Our Puppy Tales program for 2-4 year olds is a 6-week program that includes stories, crafts, and snacks. Each child gets a book at the end to build their “Libraries for Life.” South District Council Member Chris Scanlon sponsors our Family Literacy Nights (the third Monday of each month) where family members get together to read, do crafts, and have a healthy snack. We also do movie nights the third Friday of each month, and have a free summer reading and writing camp. There’s always more information on our website and Facebook page about our program and upcoming events.

Where do you get the inspiration for your cafe menu? My personal favorite is the Turkey Garden Club, but you have a huge variety of options that I really enjoy and feel good about offering to my kids. Plus your hot drink menu and seasonal specials are a sleep-deprived mom’s dream come true.

We originally named all of our stuff after authors and still strive to listen to our customers and please them (while still being cost effective) . We had a teaching chef some time ago who managed the café and helped design the menu, but now Lainie is diligent in staying on top of trends and tweaking new and original ideas. Krista Van Wagner, formerly of Curly’s, is now helping and we look to stay fresh, relevant and here for the community. And we only use fresh and the best products for our menu.

What else would you like to share with families who might want to visit Dog Ears?

Just that we are here and have a mission and can help anybody through books, stories and words. We give people a chance and just like a Christmas song we work with 2-92 year olds. You can come in as a toddler and walk up our stairs of programming and we will be here when you are 92 ready to make your life fulfilling.

Maybe I’ll see you at Dog Ears today when I grab my free coffee!

Living Local: The Blue Eyed Baker

Hi everyone! When I started writing this blog (again), there were a few things I wanted to do. Since my first pregnancy, I’ve been so curious about other mom’s experiences: how they chose their OB/GYN and what they thought of them, how they did or didn’t prepare for their births, what their hospital experience was like, what their day looks like as a SAHM or WOHM or WAHM mom, what their childcare situation is like. Part of this is because I was completely new to Western New York when I had to choose my OB. I literally picked the first OB that showed up on Google, and I ended up leaving the practice after one visit. I had a really hard time finding helpful info about providers, and stories about labor and delivery in specific hospitals. I know others are curious too, because these are often the topics that get conversations started between us as moms meeting for the first time. That’s why I’m going to be featuring a Birth Story series, and a Day in the Life series. I would love for you to share your unique experience, from natural home births to planned C-sections, and stay-at-home-moms to single parents working full time. Contact me if you’re interested!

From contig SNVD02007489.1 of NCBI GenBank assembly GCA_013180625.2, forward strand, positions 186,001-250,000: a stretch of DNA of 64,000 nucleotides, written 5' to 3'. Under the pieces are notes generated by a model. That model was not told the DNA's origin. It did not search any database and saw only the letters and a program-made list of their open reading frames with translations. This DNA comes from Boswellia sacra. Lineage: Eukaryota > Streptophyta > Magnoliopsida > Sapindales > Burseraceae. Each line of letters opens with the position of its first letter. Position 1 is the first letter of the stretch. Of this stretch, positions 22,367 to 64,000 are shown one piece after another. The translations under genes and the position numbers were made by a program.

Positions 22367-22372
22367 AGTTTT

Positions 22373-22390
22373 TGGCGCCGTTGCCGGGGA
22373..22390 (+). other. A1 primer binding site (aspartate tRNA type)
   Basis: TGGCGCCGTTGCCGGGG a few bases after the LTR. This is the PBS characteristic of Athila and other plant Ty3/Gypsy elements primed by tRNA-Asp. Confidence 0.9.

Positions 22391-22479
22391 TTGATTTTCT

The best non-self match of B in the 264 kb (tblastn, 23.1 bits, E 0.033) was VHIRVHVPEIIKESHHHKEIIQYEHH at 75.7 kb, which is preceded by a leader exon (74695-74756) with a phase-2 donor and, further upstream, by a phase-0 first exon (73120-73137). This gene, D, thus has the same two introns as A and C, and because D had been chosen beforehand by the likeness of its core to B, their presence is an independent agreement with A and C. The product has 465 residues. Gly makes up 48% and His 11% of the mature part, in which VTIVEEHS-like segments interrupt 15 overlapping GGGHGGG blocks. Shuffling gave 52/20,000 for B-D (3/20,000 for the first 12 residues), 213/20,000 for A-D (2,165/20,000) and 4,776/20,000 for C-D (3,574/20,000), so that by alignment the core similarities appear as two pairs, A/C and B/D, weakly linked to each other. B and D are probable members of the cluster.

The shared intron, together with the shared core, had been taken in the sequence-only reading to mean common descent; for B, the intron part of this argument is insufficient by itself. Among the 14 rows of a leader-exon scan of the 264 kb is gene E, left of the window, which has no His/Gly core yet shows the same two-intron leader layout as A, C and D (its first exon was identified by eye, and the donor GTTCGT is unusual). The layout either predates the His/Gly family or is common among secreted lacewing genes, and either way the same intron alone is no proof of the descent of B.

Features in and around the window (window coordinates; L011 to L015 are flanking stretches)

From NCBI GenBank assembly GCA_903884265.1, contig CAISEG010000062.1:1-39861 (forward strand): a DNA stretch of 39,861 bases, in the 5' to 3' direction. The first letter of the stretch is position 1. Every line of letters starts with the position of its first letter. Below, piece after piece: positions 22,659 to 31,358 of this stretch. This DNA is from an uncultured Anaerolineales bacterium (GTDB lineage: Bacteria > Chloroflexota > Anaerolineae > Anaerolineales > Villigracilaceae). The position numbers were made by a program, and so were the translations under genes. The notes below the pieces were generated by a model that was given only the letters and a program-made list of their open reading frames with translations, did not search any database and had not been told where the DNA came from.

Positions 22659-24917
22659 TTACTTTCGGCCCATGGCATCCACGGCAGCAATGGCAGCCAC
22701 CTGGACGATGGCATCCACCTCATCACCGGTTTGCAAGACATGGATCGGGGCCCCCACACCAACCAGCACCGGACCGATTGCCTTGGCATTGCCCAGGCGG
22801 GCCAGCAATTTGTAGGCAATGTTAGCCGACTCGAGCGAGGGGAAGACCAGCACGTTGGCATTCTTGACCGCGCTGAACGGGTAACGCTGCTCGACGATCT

But the other thing I wanted to do with this blog was to create a place to showcase some of the awesome places to eat, shop, and play in WNY. There are so many fantastic restaurants, independently owned stores, and places for kids to get out and move, but half the time it takes stumbling across one or a chance encounter to find out about them. Today is the first feature of my Living Local series, which will explore what WNY has to offer! Do you have a favorite locally-owned clothing line for kids? A nearby art studio that offers low-cost lessons for little ones? An outdoor space with hiking trails perfect for preschoolers? Let me know in the comments section and I’ll feature them on the blog!

But today I am so excited to introduce Alex, also known as the Blue Eyed Baker! When I thought about who to feature for the first post in this series, Alex automatically came to mind. She’s a Western New Yorker and mommy-to-be who went out on a limb and started her own business in her early twenties–phew! The Blue Eyed Baker creates some of the most beautiful and delicious cakes, pastries, and, of course, French macarons you can find. I admit I let Lily have a French macaron every Saturday morning during the East Aurora farmers market season, where the Blue Eyed Baker has a tent. So without further ado, meet the Blue Eyed Baker!

Hi Alex! Can you start by telling us a little about yourself?

I am a mama to be who owns a small bakery business. I operate out of a commercial kitchen we put in our basement, doing mostly farmers markets, weddings, and supplying desserts to restaurants. I also take on personal orders. While it can certainly be challenging at times owning your own business, I love what I do and feel very lucky to bake for a living. 

Before you moved back to WNY and devoted yourself full-time to baking, you were living in California and working in a completely different field. How did you get into baking, and what made you decide to start the Blue Eyed Baker?

I was working a corporate job for 5 years and eventually moved out to California for it. I’ve always loved baking but my love really grew when I moved to LA and found myself venturing into all the beautiful pastry shops. I knew I wanted to leave the corporate world, that it just wasn’t for me. I began searching for an education in pastry and found a school that worked with my schedule, allowed me to go at night while continuing to work, and study French-style pastry. From there my love for baking took off and while studying the business of food I began creating ideas for my own business. When my now husband got into school back here in Buffalo, the time was right for us to move back and in turn I decided it was also the right time to take a leap of faith, leave my job and start my business.